Eli Cook (Haifa): The Neoclassical Club: Irving Fisher and the Progressive Origins of Neoliberalism. Naeem Inayatullah (Ithaca) and David Blaney (Macalester): Liberal IPE as a Colonial Science. Peter Galbacs (BGF): Reassessing Contemporary Macroeconomics on Methodological Grounds: A Weberian Approach. The state of macroeconomics is not good: If you think international relations theory has problems, let me introduce you to the most influential and problematic subfield of economics. A radical new approach to the field of economics: Ebba Boye interviews Anwar Shaikh, author of Capitalism: Competition, Conflict and Crisis. Data geeks are taking over economics. All of a sudden, economists are getting real jobs. Goodbye, ivory tower — hello, Silicon Valley candy store.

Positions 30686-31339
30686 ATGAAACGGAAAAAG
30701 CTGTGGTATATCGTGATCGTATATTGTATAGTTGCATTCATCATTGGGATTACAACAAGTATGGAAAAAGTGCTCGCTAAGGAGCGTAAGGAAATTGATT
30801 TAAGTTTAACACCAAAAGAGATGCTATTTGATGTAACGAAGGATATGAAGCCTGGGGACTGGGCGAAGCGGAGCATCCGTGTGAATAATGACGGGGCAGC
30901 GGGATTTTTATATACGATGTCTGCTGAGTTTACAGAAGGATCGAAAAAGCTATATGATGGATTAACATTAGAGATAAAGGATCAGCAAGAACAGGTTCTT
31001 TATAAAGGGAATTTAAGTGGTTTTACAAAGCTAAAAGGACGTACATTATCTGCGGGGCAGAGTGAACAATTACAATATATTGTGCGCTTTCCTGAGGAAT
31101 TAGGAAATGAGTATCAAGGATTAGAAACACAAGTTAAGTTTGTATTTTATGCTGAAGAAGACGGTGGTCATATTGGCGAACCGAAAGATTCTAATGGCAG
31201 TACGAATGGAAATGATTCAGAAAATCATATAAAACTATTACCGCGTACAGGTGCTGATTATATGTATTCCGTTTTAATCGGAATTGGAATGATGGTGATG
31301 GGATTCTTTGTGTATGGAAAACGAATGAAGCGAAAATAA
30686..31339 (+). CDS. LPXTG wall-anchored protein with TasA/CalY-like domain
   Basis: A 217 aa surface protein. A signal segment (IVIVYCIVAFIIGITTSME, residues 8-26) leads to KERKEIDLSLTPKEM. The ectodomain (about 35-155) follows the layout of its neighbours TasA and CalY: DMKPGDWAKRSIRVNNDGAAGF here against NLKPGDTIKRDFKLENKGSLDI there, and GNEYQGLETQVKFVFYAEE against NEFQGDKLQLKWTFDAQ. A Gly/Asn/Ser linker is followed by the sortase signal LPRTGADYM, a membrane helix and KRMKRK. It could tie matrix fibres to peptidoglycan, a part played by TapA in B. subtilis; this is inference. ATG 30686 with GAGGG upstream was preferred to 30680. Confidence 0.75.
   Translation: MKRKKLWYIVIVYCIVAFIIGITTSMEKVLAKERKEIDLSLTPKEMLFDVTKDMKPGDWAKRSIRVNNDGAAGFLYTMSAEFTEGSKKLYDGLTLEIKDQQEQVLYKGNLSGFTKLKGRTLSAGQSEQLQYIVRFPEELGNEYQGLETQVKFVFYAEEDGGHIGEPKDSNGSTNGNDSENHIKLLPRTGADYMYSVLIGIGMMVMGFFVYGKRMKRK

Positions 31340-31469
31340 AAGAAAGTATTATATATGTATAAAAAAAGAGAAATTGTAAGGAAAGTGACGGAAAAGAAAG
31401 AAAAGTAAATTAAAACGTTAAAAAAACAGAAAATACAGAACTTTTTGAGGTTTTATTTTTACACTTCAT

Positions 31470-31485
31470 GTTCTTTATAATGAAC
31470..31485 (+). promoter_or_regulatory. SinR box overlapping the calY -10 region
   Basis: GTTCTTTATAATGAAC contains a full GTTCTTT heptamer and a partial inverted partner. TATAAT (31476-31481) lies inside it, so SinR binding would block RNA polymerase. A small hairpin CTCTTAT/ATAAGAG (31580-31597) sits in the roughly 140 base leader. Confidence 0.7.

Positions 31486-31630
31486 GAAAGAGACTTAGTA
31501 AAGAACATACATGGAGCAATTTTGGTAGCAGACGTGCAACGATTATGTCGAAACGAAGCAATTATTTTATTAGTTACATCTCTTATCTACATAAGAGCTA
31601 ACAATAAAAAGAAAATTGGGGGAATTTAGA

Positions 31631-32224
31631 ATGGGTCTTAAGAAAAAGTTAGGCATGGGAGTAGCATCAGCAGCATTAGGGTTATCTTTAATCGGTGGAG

Brad DeLong on the public square and economists. Economics has a major blind spot: “Incomplete models aren’t the only way that econ fails to take politics into account. Another is that economists rarely think about the political feasibility of their proposals”. Why the public has stopped paying attention to economists. How do you sift through 794 economic blog posts in a single morning? How I learnt to love the economic blogosphere.

Nobel prize in economics 2016 awarded to Oliver Hart and Bengt Holmstrom (and more). Justin Fox on where the Economics Nobel came from. The political slant of the Nobel Prize in Economics: Avner Offer, co-author of The Nobel Factor: The Prize in Economics, Social Democracy, and the Market Turn, explains how it has legitimized free-market thinking over time.